## Show code cell source

```
import matplotlib.pyplot as plt
%matplotlib inline
import matplotlib_inline
matplotlib_inline.backend_inline.set_matplotlib_formats('svg')
import seaborn as sns
sns.set_context("paper")
sns.set_style("ticks");
```

# Sparsity Promoting Regularization (L1-regularization or Lasso regression)#

L1-regularization is a method to prevent overfitting in linear models. It is also known as Lasso regression. It adds a penalty term to the loss function, which is the sum of the absolute values of the coefficients. This forces the coefficients to be small, and some of them to be exactly zero. This is useful for feature selection, as it allows to discard some of the features.

Suppose, we have the generalized linear model:

Note that we have added a bias term \(w_0\) to the model. We want to fit the model to data \((x_i, y_i)\), where \(x_i\) is the feature vector, and \(y_i\) is the target variable.

We can add the L1-regularization term to the usual sum of square errors loss function:

where \(\lambda\) is the regularization parameter. The L1-norm of the vector \(\mathbf{w}\) is defined as:

Notice that the bias term \(w_0\) is not regularized. We don’t want to push it to zero, as it is a constant term, and it is not related to the features.

Let’s cook up a simple example to illustrate the L1-regularization. We will generate data from a polynomial of third order, and then try to fit a generalized linear model with a ton of terms. We will see that the L1-regularization will help us to discard some of the terms, and to select the most important ones.

Here are the data:

```
import numpy as np
num_samples = 100
f = lambda x: 0.2 * x + 0.3 * x**2 + 0.4 * x**3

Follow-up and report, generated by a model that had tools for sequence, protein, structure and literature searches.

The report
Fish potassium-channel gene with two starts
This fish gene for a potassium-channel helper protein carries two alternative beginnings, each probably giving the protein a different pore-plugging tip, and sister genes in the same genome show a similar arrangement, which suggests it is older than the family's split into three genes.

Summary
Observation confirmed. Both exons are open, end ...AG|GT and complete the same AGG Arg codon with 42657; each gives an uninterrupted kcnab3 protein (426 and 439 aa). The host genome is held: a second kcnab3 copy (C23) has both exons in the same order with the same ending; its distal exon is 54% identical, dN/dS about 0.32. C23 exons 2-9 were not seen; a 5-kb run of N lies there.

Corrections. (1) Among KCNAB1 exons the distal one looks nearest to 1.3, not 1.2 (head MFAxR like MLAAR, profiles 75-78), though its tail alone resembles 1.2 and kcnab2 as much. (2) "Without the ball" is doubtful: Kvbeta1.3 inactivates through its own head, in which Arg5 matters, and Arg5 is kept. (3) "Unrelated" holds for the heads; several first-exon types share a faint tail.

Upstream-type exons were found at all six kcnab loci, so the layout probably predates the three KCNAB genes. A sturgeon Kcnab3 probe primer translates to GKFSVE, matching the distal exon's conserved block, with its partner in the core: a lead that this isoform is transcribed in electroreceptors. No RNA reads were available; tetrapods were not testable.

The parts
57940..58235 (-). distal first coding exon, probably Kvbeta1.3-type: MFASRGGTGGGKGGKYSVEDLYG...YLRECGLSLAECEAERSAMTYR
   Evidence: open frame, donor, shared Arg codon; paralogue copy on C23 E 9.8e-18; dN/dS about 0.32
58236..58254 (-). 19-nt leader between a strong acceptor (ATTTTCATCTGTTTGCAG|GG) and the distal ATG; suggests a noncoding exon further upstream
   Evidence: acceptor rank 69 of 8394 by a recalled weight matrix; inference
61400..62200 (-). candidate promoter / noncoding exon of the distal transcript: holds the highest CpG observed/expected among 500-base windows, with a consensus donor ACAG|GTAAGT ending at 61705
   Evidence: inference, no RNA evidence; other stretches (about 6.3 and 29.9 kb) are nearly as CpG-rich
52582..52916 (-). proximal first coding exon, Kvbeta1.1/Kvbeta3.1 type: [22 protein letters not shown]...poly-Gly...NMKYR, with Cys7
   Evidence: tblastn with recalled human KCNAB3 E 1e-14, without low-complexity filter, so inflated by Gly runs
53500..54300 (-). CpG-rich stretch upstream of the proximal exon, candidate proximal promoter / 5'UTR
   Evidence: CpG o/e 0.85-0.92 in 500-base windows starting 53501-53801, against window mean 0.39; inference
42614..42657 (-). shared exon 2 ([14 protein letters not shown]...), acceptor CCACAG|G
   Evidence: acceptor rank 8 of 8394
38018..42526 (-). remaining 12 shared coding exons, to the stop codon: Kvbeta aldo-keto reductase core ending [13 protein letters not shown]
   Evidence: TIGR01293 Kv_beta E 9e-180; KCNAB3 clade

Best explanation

sigma = 0.01
x = np.random.uniform(-1, 1, num_samples)
y = f(x) + np.random.normal(0, sigma, num_samples)
fig, ax = plt.subplots()
ax.plot(x, y, '.', color='k')
ax.set(xlabel='x', ylabel='y')
sns.despine();
```

We will try to fit a ridiculously complicated model. We will have a twenty degree polynomial, and then we will also add a bunch of Fourier terms:

```
import jax.numpy as jnp
from jax import vmap
@vmap
def features(x):
tmp1 = jnp.array([x ** i for i in range(10)])
tmp2 = jnp.array([jnp.sin(2 * np.pi * x * i) for i in range(10)])
return jnp.concatenate([tmp1, tmp2])
```

Visualize the features:

```
xs = jnp.linspace(-1, 1, 200)
Phi = features(xs)
fig, ax = plt.subplots()
ax.plot(xs, Phi, lw=0.2)
ax.set(xlabel='x', ylabel='feature value')
sns.despine();
```

Clearly an overkill. But Lasso regression will still be able to throw away the unnecessary terms.

In what follows we do Lasso regression using the `sklearn`

library.
We use `LassoCV`

, which also does cross-validation to find the best value of the regularization parameter \(\lambda\).

```
from sklearn import linear_model
Phi_train = features(x)
clf = linear_model.LassoCV(fit_intercept=False)
clf.fit(Phi_train, y)
```

LassoCV(fit_intercept=False)

**In a Jupyter environment, please rerun this cell to show the HTML representation or trust the notebook.**

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LassoCV(fit_intercept=False)

For comparison, we do Ridge regression (which adds an L2-regularization term) also with cross-validation.

```
fig, axes = plt.subplots(2, 1)
axes[0].imshow(clf.coef_.reshape(1, 20), cmap='coolwarm', vmin=-0.5, vmax=0.5)
axes[0].set(xlabel='feature index', title='Lasso',
xticks=np.arange(0, 20, 2), xticklabels=np.arange(0, 20, 2),
yticks=[])
axes[0].set_title('Lasso')